Tuesday, August 7, 2012

July 13 C to have tea with Mr. Wong.

Ni hao, Mr. Wong!
This was Mr. Wong's living area. Through a curtain to the left was his bedroom.

Our rickshaws stopped and we were ushered into an entrance way inside the wall of the compound. A little bit inside of the entrance way, Mr. Wong met us at the door of his living area. There were cookies and tea waiting on us.

Nancy translated for us as we asked him questions about his life and about living in the Hutong Village. Until 2008, his home had been heated with coal. I made the comment that he'd seen many changes in his lifetime to which he answered (Nancy translated) that he "liked it better during the Chairman Mao times because everybody was equal then. People, now, have gotten selfish."  (An opinion held by the "older generation" Nancy would tell us later, implying that the younger generations were "not so much" when it came to the Chairman.)

Mr. Wong had been a restaurant chef in his days before he retired and began having tea with tourists on the Hutong Village Tour so he took us across the small common area "street" to see his kitchen.  (Above his kitchen, accessible by stairway, he'd built a "bedroom" -more like a small building on stilts- for his daughter.)

Mr. Wong's kitchen.  Notice the running water in his sink in the picture below.  This is a very big deal in an area where indoor plumbing is a hard thing to come by.  Nancy told us that Mr.Wong still cooks for tons of people from inside of this wonderful kitchen.

Mr. Wong, a true treasure! Ding ding how!

Mr. Wong's neighbor's door (and window, below.) California Dude asked him, what do you do if you have a disagreement with one of your neighbors since you live so close to them (and there are so many of them)?  He answered, "You just have to get along."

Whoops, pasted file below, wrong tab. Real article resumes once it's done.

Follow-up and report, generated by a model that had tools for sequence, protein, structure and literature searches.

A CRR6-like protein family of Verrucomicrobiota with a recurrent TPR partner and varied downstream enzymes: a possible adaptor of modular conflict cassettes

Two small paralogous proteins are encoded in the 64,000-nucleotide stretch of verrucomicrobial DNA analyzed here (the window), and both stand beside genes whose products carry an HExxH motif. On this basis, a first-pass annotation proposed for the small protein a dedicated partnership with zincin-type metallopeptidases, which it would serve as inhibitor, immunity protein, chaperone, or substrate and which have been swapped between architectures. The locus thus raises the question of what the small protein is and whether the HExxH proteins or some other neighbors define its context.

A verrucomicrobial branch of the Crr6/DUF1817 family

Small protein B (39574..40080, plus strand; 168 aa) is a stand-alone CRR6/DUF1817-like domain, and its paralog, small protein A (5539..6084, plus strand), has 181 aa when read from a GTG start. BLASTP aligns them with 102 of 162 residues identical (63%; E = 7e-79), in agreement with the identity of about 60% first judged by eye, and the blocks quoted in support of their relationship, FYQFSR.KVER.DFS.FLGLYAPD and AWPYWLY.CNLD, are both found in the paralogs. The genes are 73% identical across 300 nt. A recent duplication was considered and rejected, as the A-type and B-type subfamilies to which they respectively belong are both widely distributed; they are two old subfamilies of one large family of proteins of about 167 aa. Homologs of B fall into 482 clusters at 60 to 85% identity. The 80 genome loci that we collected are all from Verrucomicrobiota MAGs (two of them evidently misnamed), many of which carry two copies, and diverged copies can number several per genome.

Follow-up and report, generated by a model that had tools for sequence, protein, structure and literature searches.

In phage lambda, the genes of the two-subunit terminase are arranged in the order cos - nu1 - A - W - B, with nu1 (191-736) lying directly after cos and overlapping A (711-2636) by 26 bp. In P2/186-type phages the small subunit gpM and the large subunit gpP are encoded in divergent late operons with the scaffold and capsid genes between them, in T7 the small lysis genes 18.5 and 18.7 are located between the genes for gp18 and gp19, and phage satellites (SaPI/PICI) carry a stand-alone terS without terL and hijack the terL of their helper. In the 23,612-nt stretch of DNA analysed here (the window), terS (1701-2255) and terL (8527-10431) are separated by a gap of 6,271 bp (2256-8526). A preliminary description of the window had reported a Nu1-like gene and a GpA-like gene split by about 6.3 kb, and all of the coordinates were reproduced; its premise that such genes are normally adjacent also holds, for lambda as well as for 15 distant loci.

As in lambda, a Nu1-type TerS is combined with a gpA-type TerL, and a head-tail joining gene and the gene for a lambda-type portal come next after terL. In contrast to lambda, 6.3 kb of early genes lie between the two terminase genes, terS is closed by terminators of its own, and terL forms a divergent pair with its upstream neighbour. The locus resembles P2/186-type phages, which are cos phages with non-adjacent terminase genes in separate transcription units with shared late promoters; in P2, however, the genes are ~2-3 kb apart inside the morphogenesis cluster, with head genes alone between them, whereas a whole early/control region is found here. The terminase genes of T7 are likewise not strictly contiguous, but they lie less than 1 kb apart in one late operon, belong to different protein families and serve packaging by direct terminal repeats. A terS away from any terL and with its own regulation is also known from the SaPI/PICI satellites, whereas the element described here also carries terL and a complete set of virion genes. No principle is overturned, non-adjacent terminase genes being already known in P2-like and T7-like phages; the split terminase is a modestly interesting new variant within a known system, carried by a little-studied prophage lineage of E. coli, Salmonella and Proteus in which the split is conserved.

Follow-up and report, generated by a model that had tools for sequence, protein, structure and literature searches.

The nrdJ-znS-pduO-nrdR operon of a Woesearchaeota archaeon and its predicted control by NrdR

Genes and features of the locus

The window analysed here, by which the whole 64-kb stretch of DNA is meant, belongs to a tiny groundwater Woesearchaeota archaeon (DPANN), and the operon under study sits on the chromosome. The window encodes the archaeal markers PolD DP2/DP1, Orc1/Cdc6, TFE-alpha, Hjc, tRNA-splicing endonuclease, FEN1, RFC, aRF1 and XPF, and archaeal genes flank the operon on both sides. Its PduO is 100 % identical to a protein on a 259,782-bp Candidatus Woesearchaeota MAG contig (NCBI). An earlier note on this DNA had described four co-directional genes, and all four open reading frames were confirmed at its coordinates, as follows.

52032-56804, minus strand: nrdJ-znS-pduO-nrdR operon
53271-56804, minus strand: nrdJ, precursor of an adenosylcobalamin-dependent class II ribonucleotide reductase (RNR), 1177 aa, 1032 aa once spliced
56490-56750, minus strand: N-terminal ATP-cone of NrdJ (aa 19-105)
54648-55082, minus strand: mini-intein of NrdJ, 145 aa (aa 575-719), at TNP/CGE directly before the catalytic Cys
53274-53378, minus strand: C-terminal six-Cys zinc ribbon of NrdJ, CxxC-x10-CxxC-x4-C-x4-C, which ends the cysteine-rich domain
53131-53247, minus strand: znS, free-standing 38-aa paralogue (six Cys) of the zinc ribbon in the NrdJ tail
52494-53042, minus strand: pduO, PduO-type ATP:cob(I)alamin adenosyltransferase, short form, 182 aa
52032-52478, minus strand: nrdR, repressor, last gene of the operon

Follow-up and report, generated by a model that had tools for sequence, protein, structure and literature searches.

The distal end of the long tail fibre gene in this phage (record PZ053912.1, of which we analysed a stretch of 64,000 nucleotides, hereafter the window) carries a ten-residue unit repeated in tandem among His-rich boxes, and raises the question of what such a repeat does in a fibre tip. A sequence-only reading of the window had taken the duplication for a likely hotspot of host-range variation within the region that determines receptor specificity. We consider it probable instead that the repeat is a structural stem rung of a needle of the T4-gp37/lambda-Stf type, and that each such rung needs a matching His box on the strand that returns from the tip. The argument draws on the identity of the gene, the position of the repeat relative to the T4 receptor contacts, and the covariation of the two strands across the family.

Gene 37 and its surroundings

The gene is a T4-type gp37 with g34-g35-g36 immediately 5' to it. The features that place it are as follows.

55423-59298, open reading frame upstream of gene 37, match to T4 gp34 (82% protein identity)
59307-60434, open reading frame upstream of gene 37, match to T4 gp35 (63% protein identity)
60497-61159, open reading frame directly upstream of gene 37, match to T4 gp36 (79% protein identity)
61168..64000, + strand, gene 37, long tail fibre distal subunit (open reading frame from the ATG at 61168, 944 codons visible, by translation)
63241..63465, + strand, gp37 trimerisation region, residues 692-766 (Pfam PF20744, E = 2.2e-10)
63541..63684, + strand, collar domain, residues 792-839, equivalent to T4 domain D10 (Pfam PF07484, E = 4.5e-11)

Here are some pictures of the market near where Mr. Wong lives in the Hutong Village:

Down front, those are bags of noodles.

All of this food had made me hungry and it was a good thing because California Dude and California Chick had invited us out to eat Peking Duck since we were, of course, in Peking!

(I forgot my camera! Egads! So, these were taken with my camera phone.)

Just a bunch of hungry tourists waiting anxiously on our food.

This thing, besides having a beautiful presentation, left me in quite a conundrum:  How to Eat Peas with Chopsticks (not easy!) Out of a Spoon? The irony of it was awesome. We sorta giggled to ourselves about the proper way to handle this situation until Cal Dude said, "I know what I'm gonna do," unstuck the spoon from the plate and stuck the whole thing in his mouth. Thank god! I did the same.  They were yummy.

Peking Duck, brought to your table, carved, and served- oh, delicious!!!!

Not long after this we all escaped to our hotel and crashed. Not a moment too soon.

1 comment:

  1. The little shops look very much like other countries that I have seen..and the kitchen too. Thank you for sharing all of the colors! I might be glad that we cannot share the sounds and smells too!!! (SOME smells might have been GREAT!)